There is no shortage of issues to worry about in our troubled global neighborhood, but then again, anybody older than 25 years old knows the world is always an uncertain place. Whether we are talking about wars (Vietnam, Cold War, Iraq), presidential calamities (Kennedy assassination, Nixon resignation/impeachment proceedings), international turmoil (dissolution of Soviet Union, 9/11 attacks, Arab Spring), investment bubbles (technology, real estate), or financial crises (S&L crisis, Long Term Capital, Lehman Brothers bankruptcy), investors always have a large menu of concerns from which they can order.
Despite the doom and gloom dominating the media airwaves, and the lackluster performance of equities experienced over the last decade, the Dow Jones Industrial Average and the S&P 500 index are both up more than 20-fold since the 1970s (those gains also exclude the positive impact of dividends).
Times Have Changed
Just a few decades ago, nobody would have talked or cared about small economies like Iceland, Dubai, and Greece. Today, technology has accelerated the forces of globalization, resulting in information traveling thousands of miles at the click of a mouse, often creating scary financial mountains out of meaningless molehills. As a result of these trends, news of Italian bond auctions, which normally would be glossed over on the evening news, instantaneously clogs our smart phones, computers, radios, and televisions. The implications of all these developments mean investing has become much more difficult, just as its importance has never been more crucial.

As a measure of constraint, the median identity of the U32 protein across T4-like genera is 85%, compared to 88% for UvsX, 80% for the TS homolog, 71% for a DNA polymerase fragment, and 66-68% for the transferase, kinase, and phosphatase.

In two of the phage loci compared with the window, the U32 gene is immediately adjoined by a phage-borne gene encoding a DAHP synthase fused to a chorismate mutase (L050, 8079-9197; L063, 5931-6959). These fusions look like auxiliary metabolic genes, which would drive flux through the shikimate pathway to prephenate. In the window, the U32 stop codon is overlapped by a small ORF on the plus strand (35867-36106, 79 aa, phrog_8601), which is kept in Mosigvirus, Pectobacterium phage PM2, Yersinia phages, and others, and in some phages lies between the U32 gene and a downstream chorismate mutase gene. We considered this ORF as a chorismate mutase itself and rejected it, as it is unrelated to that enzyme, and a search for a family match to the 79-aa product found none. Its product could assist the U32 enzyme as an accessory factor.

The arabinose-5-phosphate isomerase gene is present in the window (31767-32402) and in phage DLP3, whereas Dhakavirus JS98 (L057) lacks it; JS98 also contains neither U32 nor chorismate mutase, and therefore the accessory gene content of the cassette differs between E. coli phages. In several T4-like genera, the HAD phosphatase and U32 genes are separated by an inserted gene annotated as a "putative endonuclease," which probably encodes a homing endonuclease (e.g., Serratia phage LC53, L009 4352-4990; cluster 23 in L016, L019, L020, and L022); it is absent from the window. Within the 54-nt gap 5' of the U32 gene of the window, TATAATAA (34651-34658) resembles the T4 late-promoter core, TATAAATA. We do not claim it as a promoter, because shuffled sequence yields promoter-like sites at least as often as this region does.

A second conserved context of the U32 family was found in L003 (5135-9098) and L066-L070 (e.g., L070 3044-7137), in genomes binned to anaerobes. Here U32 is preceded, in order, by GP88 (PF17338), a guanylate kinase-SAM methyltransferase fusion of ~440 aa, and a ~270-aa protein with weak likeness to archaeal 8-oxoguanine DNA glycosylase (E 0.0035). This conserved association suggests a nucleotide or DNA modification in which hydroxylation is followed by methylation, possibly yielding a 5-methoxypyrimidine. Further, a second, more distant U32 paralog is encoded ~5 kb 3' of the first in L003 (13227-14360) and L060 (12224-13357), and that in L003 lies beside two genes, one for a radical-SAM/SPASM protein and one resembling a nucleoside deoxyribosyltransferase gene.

How has investing become more critical? For starters, interest rates are near 60-year lows and Treasury bond prices are at record highs, while inflation (food, energy, healthcare, leisure, etc.) is shrinking the value of people’s savings. Next, entitlement and pension reliability are decreasing by the minute – fiscal imbalances and unrealistic promises have contributed to a less certain retirement outlook. Layer on hyper-manic volatility of daily, multi-hundred point swings in the Dow Jones Industrial index and a less experienced investor quickly realizes investing can become an overwhelming game. Case in point is the VIX volatility index (a.k.a., the “Fear Gauge”), which has registered a whopping +57% increase in 2011.
December to Remember?
After an explosive +23% return in the S&P 500 index for 2009 (excluding dividends) and another +13% return in 2010, equity investors have taken a breather thus far in 2011 – the Dow Jones Industrial Average is up modestly (+4%) and the S&P 500 index is down fractionally (-1%). We still have the month of December to log, but in the short-run the European tail has definitely been wagging the rest of the global dog.
Although the United States knows a thing or two about lack of political leadership and coordination, herding the 17 eurozone countries to resolve the European debt financial crisis has proved even more challenging. As you can see below in the performance figures of the major global equity markets, the U.S. remains the best house in a bad neighborhood:
Our fiscal house undeniably needs some work (i.e., unsustainable deficits and bloated debt), but record corporate profits, record levels of cash, voracious consumer spending, improving employment data, and attractive valuations are all contributing to a domestic house that makes opportunities in our backyard look a lot more appealing to investors than prospects elsewhere in the global neighborhood.